What is interesting, however, is he has proven himself to be much more of a pragmatist and not as anti-Trump as he sort of messaged during the campaign.

After all, he made the new trade deal with the U.S. before the U.S. made it with the Canadians. So that shows his pragmatism. And by -- also, by offering to give it to the U.N., it also gives President Trump a very convenient sort of out, because if it goes horribly wrong, you can sort of blame the U.N.

And neither country really has to take the fallout for that. So it's a very practical decision. And that's what we can expect from AMLO when he's sworn in on December 1.

CAVUTO: Vanessa, do we know where most of these caravan participants are from? I mean, or is it a lot of countries, or what?

NEUMANN: Well, now the predominance of immigrants into the U.S. aren't Mexicans. They are what they call OTS, which is other than Mexicans, which is Hondurans, Guatemalans, Salvadorans. And don't be surprised if we start seeing more Nicaraguans because of the violence down there.

But those countries in general, the smaller countries, are referred to as the Northern Triangle. And they tend to be very weak, very corrupt, very weak in governance, because they have been awash with the drug cartels.

The U.S. and the U.S. military has provided a lot of security cooperation and a lot of money in various (INAUDIBLE) and various other programs to strengthen their governance to stem the migrant flow.

The problem is that what we're seeing is that this is a drug cartel business as well. So, even though the situation is improving in those countries, thanks to U.S. investment, you still have the drug cartels encouraging people to come to the U.S., because, for them, it's money.  It's business.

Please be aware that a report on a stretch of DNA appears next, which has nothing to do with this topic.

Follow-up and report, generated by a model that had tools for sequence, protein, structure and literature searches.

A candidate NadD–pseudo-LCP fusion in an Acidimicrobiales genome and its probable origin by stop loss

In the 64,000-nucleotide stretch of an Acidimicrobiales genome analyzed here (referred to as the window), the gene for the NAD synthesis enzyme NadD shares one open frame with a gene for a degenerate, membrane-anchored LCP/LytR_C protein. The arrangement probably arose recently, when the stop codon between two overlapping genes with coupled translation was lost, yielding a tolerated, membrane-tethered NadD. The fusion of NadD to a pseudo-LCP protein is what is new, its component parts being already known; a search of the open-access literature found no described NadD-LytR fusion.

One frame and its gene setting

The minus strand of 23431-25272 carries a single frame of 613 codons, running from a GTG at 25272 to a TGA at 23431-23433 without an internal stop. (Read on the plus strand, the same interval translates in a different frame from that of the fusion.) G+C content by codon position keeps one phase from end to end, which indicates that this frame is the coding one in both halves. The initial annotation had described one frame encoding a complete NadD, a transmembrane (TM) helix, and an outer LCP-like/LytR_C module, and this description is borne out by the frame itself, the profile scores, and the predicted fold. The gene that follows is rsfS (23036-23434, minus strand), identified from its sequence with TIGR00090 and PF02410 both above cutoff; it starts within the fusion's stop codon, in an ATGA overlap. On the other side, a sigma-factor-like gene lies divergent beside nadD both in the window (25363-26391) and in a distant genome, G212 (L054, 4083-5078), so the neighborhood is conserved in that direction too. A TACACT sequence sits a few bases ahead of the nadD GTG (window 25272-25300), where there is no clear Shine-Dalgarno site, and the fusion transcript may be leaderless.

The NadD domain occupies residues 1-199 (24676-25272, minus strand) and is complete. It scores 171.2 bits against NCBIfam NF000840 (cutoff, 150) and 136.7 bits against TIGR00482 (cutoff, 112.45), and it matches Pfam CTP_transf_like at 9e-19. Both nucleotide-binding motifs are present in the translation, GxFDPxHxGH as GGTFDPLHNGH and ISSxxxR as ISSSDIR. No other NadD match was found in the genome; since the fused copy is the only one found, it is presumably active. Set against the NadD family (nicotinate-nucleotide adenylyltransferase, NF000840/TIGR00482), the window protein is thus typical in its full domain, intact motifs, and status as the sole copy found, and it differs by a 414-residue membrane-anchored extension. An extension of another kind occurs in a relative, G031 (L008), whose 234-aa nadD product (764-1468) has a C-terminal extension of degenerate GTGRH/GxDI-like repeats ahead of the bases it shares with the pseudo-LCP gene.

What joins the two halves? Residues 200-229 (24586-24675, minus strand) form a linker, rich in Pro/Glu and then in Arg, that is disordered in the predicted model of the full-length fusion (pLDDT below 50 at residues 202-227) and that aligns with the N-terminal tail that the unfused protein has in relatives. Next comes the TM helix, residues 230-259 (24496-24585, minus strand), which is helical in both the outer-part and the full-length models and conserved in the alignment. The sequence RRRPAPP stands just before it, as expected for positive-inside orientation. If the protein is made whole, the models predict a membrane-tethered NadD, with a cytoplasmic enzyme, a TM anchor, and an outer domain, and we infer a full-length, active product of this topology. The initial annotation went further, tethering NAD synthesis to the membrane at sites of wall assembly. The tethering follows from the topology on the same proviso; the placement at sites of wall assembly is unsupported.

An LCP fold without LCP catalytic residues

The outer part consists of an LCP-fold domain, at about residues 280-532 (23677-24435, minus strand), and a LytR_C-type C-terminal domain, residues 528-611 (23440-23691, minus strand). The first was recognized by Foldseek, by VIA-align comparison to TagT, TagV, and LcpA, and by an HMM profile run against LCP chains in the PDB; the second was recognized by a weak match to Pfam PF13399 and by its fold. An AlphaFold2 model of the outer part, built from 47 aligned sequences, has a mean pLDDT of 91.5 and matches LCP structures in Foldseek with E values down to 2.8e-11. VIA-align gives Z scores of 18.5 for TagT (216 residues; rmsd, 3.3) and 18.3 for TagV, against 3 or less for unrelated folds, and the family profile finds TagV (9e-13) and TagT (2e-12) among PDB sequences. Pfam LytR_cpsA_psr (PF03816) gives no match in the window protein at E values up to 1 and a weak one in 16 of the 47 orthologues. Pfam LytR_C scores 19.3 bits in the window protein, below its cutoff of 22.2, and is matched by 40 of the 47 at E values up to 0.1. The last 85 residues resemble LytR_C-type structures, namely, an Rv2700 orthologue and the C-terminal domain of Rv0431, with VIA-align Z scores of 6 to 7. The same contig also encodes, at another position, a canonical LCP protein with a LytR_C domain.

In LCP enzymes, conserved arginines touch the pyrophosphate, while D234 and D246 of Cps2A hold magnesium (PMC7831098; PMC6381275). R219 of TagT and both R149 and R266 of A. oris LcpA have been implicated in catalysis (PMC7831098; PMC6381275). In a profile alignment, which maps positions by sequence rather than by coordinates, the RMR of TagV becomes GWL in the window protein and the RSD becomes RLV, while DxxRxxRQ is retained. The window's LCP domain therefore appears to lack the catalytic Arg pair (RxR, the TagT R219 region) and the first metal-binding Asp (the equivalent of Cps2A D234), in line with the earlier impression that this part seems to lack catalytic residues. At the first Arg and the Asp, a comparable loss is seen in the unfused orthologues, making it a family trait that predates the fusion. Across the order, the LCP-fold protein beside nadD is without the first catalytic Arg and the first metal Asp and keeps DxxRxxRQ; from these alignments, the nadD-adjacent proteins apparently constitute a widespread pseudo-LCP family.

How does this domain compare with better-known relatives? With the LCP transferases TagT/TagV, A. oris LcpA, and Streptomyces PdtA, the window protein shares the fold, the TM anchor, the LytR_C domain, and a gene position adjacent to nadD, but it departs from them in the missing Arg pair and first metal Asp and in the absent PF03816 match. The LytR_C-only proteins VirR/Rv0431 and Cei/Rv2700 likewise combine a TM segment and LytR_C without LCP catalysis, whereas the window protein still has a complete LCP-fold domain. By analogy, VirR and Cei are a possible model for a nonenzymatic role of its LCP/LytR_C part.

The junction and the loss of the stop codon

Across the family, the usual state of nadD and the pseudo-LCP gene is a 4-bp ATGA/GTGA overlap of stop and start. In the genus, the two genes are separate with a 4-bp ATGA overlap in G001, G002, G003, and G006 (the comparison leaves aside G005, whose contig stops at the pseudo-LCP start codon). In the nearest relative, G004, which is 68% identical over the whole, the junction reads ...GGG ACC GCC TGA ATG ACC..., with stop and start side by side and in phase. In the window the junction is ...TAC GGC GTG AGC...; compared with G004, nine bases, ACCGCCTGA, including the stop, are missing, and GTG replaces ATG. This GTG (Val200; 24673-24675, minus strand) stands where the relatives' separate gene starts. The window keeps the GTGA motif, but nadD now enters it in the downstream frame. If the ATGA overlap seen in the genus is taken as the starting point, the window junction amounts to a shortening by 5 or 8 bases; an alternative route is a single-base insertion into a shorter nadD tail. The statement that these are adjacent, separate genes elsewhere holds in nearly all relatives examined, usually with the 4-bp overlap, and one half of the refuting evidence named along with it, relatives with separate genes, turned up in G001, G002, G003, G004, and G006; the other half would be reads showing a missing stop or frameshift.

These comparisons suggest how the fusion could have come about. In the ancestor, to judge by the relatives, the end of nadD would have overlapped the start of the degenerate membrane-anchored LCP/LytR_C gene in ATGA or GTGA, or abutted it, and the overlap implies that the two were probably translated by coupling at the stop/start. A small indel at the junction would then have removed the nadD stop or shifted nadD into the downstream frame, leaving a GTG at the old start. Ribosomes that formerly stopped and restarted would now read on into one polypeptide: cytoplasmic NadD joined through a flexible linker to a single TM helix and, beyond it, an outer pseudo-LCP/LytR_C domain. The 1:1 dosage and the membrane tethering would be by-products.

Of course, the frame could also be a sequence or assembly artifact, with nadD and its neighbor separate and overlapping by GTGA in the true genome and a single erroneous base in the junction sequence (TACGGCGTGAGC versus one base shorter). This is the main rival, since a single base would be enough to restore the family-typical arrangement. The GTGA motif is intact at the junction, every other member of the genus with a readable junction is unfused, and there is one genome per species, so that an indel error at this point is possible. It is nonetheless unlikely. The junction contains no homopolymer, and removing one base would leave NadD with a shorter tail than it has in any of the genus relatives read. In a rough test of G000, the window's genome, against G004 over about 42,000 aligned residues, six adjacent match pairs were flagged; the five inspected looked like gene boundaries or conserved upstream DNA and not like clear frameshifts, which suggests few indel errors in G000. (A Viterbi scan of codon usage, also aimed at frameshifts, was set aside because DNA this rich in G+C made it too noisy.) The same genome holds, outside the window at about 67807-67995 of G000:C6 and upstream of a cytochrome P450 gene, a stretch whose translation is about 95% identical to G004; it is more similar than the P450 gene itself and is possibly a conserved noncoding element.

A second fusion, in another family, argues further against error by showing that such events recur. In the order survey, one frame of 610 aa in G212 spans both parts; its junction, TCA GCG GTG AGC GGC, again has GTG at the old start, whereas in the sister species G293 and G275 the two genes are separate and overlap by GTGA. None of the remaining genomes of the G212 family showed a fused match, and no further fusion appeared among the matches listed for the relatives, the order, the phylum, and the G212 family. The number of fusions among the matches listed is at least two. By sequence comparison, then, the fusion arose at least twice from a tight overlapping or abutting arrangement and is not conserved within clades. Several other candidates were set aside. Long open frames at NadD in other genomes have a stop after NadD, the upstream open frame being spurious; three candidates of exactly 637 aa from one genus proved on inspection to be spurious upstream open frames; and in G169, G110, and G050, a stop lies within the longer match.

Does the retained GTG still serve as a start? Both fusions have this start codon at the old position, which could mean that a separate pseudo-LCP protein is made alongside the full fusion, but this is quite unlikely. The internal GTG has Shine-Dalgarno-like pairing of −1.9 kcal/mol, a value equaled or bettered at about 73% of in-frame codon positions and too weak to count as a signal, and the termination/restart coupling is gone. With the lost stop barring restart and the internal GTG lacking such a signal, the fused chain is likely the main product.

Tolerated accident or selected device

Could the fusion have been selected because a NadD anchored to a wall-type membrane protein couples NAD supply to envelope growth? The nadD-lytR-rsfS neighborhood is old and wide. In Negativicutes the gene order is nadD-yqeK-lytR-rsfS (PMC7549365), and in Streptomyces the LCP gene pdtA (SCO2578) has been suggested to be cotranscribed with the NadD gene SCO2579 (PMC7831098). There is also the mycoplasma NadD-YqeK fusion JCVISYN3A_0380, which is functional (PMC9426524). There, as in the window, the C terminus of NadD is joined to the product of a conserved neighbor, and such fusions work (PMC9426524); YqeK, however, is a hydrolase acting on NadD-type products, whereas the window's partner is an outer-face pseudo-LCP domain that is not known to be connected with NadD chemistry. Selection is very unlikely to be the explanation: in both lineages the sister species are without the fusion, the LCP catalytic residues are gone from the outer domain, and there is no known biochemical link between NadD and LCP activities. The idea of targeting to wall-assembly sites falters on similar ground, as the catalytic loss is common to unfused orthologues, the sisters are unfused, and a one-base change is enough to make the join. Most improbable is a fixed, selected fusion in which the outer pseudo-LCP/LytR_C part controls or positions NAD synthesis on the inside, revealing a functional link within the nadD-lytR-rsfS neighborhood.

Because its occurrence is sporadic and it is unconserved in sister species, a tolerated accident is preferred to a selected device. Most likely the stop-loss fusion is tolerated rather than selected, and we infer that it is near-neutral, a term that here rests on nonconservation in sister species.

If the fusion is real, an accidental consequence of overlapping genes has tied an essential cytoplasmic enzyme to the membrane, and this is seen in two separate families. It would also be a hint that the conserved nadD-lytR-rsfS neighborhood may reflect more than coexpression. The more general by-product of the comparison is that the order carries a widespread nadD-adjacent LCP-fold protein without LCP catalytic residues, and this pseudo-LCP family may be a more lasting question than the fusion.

CAVUTO: So, like, it's pretty coordinated?

NEUMANN: Well, exactly.

I mean, the drug cartels are highly coordinated. They're very effective.  And while -- so, while their main business is -- arguably, actually, it's -- I was going to say their main business is drugs, but really there's a lot of -- a lot of studies, their main business is actually people smuggling now, because you try and get them across.

You make more money off people. And if they fail, they keep trying again, so you can keep billing the same family over and over again. So they cause the problem at the home country, at the point of origin, which is the Northern Triangle, where they do have violence and gangs and drug traffickers.

CAVUTO: All right.

NEUMANN: And then they should of whisper in the ear of people and say, we will take you to the U.S. Just pay us.

CAVUTO: Amazing.

Vanessa, thank you so much.

NEUMANN: Thank you.

CAVUTO: The fallout from that after this.


CAVUTO: All right, we could have breaking news tomorrow on that big old lottery, the caravan, much more on Saudi Arabia.

Good thing we're live from 10:00 to 12:00 with "Cavuto Live" with Democratic Senator Ben Cardin, Democratic Congresswoman Tulsi Gabbard, Republican Senator John Kennedy, all at the same time you're getting a sense of the race that's heating up and the issues that could decide it.

We will see you then.

"The Five" is now.